Knowing when and how much water to drink can arm you against the rare, lethal condition of hyponatremia
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Water is our friend, but it also can turn into our enemy.
When I was a newbie, I was advised to drink water and sports drink alternately every hour or at every hydration station. Some advised drinking at least a bottle of fluids every hour. They say it’s better to drink before you feel thirsty since it will be harder to catch up and rehydrate once you’re running low on fluids.
Sounds rational so I followed their advice. But I ended up feeling bloated, heavy, nauseous, and, worse, my fingers went numb and my hands swollen. I knew I drank too much. These are early signs of hyponatremia (low sodium levels) or water intoxication. Too much fluid can dilute the amount of sodium in the blood, resulting in relatively lower sodium to water ratio.
Dangerously low sodium level signs include swelling, dizziness, loss of consciousness, and seizures, all of which are symptoms of exercise-associated hyponatremia. More athletes have been reported to die because of hyponatremia than dehydration, and the risk is elevated for endurance athletes.
We already know that during exercise, we lose a lot of body fluids through sweat and that sweat rates differ for every person (30 to 240ml per hour). But it’s just as important to know that we also lose variable amounts of electrolytes, particularly sodium, in sweat. Dehydration sets in when we lose two to three percent of our total body weight during training. This manifests itself through the onset of muscle cramps, increased fatigue, decreased athletic performance, and increased risk of heat stress.
Now that you’re equipped with all this scientific evidence, I urge athletes of all fitness levels—pros, elites, and even recreational triathletes—to use this knowledge. Replace fluids based on weight loss instead of guesswork. Weigh yourself before and after an hour of training. The difference would be a ballpark figure of your sweat rate or fluid and electrolyte loss. Conditions such as the climate, humidity, and altitude will also affect sweat rate. Measuring pre- and post-race weight to determine proper fluid intake is in fact implemented in several Ironman medical tents such as those in Cairns and Kona. In an effort to avoid dehydration, many triathletes tend to overhydrate, especially when the race day conditions are hot and humid.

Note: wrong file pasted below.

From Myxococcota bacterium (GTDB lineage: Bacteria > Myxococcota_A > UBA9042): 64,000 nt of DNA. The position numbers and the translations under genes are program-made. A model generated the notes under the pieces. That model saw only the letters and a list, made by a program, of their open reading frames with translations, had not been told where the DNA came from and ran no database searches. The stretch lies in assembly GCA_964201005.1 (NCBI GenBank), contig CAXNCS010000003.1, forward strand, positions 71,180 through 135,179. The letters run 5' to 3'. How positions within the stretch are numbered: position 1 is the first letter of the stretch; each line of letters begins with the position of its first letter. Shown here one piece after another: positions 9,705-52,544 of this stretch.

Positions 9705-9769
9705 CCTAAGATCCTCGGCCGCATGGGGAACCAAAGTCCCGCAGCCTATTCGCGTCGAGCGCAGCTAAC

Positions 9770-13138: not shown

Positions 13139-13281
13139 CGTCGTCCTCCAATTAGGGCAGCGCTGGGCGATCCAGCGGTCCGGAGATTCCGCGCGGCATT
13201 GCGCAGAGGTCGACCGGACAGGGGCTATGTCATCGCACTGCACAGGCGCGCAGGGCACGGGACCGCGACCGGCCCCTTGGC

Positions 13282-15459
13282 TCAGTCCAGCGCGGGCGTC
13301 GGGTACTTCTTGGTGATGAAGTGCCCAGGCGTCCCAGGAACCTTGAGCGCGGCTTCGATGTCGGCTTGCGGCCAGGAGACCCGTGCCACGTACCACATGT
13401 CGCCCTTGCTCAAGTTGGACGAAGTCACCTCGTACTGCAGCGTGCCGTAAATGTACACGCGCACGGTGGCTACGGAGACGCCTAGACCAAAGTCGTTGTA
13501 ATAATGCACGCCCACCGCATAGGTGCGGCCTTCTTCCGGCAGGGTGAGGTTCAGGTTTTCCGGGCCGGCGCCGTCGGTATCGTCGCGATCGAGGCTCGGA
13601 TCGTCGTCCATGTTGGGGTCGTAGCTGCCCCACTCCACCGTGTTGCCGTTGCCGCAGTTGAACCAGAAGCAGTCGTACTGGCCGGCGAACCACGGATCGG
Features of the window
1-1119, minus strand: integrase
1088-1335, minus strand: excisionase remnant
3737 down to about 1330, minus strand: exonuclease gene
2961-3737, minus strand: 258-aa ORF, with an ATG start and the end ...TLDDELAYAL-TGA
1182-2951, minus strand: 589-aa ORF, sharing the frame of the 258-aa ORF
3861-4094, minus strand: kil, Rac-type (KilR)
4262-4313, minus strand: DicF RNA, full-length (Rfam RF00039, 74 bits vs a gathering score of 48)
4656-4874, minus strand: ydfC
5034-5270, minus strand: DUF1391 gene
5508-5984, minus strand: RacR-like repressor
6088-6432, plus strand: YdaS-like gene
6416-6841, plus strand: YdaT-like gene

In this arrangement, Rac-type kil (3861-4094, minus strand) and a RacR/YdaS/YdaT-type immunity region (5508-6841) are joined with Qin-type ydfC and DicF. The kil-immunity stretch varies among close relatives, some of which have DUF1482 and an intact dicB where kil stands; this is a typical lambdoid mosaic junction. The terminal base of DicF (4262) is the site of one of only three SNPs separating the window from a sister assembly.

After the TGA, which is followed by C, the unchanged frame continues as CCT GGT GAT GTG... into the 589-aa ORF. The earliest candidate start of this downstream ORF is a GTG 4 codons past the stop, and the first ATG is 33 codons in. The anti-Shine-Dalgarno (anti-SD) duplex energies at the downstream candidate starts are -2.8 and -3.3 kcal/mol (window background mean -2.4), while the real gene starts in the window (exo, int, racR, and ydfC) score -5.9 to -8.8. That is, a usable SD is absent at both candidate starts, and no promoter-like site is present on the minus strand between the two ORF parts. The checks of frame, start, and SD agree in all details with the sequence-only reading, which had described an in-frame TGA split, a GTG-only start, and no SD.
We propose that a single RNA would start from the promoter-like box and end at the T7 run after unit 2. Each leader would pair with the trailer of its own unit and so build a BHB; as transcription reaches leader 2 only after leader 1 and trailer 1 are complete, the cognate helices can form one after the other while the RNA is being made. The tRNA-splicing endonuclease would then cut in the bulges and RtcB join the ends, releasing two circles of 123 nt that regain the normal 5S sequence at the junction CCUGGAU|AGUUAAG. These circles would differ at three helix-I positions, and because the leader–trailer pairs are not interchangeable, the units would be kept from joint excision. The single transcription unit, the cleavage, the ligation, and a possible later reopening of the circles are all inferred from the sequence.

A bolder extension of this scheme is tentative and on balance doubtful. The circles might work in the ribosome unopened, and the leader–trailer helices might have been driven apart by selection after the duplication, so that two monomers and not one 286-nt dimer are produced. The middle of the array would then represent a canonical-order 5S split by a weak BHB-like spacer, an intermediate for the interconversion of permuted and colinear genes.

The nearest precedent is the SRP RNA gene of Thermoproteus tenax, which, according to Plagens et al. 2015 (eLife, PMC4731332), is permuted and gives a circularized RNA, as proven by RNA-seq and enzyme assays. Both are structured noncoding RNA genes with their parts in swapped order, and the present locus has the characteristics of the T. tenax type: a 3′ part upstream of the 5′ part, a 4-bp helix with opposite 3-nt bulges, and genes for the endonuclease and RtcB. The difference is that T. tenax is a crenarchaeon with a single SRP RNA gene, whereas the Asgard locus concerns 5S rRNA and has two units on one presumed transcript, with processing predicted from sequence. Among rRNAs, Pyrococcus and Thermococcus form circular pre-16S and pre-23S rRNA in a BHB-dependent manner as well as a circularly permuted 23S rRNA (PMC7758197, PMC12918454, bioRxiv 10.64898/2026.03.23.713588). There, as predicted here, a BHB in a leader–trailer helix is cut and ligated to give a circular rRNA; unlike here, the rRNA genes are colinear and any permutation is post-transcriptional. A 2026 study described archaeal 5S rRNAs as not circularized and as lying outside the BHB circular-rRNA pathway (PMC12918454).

Another practical method is by observing the color of your urine to know if you are adequately hydrated.
Rethink your drink
If drinking too much water causes dilutional hyponatremia, should we consume salt instead?
We lose at least one gram of sodium per liter of sweat. That’s not a lot, unless you sweat profusely. Guidelines suggest increasing your intake of salty food or incorporating a little salt in your daily nutrition. That should be enough to replace the sodium you lost. After three hours of racing, sodium levels could be 0.5 to 1 gram lower in the bloodstream.
Smaller athletes sweat less. However, for hot and humid long distance races, the heat could be brutal so expect to lose a lot of fluid, especially if you are a heavy sweater. Keep salt sticks handy when racing and training so you can keep up with your sodium needs. Each capsule contains at least 215 to 250mg of sodium. Too much sodium or salt can make you even thirstier and more dehydrated so use it with caution.
What do the experts say about hyponatremia?
The 2015 Consensus Guidelines on Exercise-Associated Hyponatremia have this as their final say:
- Drink to thirst
- If you crave salt, eat salt
- If you feel bloated, don’t drink
We have an innate and reliable thirst switch in our brains that have mechanisms to avoid excessive fluid intake, making us feel that drinking is unpleasant and feeling bloated. Overriding this switch with continued drinking is unnecessary and potentially dangerous. Listening to your body is still your best bet.